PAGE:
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less valuable materials, as of enameld work; allo of roses, myrtle and olive leaves. Vid. Seld. ubi fupra.
Thine eyes are "sparkling,” &c. “ now” thy veil is removed.] Or, Thy veil being removed; (literally without thy veil.) The Jewish maidens, before marriage, were under fuch ftrait confinement, and so rarely suffered to appear in public, that the very name for a virgin in Hebrew is troby hidden. This reserve rendered the veil a very essential part of their dress t; and which, even when they were first presented to their husbands, they carefully drew over their faces, as we learn from the example of Rebecca, Gen. xxiv. 5. On what day of the marriage ceremony it was publicly laid afide, does not appear.
. But among the Greeks it was thrown off on the third day, for then the Bride, for the first time, appeared in public company without her veil, and received presents from her husband on that occasion, which were thence called avaxadurimpia. See Potter. II. 294, &c. Now, if we suppose the same customs prevailed in Palestine, then the subject of this day's Eclogue will relate to the ceremony of taking off the veil: then we hall account for the splendid gaiety of the Bridegroom's dress on lo joyful an occafion; and his compliments on her beauty will have a peculiar spirit and propriety. Now on the Bride's appearing for the first time in the public eyes of men, and that too in the presence of the person, with whom she was entering into the most endearing connections, it might well be expected that consciousness of beauty, tenderness, and exquisite sensibility, mixing with virgin bashfulness, should improve the native luftre of her eyes, and convey to them all that brightness and sparkling, for which those of the eastern doves are remarkable. B.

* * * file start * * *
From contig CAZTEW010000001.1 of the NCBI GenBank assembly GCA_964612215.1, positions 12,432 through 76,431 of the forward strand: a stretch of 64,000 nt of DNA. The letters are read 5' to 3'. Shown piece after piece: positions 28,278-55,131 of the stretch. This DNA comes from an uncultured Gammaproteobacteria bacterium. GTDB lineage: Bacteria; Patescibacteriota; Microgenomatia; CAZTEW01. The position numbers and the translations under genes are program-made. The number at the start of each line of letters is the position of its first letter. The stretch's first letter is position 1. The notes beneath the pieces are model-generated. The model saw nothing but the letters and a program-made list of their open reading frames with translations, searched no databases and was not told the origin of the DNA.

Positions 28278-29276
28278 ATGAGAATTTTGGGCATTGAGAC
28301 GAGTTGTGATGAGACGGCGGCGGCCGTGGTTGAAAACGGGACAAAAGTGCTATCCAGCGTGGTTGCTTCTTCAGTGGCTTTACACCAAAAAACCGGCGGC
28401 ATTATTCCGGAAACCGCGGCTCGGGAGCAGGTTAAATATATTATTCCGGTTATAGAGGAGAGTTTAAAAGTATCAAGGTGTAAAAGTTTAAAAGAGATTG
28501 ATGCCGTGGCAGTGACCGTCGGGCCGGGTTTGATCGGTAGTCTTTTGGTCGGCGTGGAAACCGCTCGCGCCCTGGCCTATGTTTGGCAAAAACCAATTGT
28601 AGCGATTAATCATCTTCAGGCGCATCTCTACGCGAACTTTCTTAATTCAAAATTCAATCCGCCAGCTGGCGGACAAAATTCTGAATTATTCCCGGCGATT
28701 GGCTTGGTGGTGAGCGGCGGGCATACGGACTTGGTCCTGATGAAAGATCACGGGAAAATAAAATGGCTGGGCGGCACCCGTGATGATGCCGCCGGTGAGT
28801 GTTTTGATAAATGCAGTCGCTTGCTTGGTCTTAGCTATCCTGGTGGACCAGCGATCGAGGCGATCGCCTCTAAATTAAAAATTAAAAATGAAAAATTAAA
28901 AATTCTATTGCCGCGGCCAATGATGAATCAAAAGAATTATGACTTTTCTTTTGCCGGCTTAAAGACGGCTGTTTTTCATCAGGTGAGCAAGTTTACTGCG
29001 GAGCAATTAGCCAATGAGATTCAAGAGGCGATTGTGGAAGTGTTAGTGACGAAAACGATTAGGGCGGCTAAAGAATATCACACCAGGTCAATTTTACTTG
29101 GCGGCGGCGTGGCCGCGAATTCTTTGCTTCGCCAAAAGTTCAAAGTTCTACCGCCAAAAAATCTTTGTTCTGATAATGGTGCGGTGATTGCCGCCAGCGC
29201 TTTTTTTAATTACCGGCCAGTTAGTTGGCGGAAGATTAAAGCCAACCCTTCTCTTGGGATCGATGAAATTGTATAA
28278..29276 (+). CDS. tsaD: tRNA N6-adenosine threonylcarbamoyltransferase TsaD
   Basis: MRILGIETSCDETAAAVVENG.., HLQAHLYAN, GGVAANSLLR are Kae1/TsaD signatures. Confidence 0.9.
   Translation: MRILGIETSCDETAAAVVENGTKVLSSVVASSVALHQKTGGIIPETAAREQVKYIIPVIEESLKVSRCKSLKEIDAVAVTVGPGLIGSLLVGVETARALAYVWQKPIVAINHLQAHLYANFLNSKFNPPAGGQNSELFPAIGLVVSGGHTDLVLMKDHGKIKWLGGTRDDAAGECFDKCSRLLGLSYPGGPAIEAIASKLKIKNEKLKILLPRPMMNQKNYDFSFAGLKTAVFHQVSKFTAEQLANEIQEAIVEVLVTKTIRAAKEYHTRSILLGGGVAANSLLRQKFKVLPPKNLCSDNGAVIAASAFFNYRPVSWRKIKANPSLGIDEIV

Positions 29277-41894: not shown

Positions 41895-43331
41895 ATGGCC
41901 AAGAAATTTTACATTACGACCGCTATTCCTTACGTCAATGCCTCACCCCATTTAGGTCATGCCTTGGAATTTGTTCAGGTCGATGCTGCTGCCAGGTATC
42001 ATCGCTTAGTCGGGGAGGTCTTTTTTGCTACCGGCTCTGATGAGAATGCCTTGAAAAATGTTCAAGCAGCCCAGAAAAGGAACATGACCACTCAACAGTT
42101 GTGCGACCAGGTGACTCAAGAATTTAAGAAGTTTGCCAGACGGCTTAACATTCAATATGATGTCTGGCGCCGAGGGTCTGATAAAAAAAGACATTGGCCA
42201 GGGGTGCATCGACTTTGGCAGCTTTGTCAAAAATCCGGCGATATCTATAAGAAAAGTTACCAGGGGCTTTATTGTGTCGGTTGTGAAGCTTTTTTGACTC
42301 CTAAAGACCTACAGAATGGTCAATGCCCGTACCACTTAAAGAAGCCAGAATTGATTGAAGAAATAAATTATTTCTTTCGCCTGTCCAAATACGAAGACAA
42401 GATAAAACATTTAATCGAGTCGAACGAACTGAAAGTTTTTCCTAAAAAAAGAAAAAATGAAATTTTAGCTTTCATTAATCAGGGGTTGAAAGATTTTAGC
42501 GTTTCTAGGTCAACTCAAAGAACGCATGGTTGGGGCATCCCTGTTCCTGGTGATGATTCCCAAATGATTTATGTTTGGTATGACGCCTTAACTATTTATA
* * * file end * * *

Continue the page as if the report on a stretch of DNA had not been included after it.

Thy bair is-as-goats, which come up peck, &c.] Bochart refers the comparison to the hair of the eastern goats, which is of the most delicate filky softness, and is expressly observed by an ancient Naturalist, to bear a great resemblance to the fine eurls of a woman's hair. Vid. Hierozoic. t. i. l. 3. c. 15.Le Clerc obferves farther, that the hair of the goats in Palertine is generally of a black colour, or of a very dark brown, such as that of a lovely brunette may be supposed to be.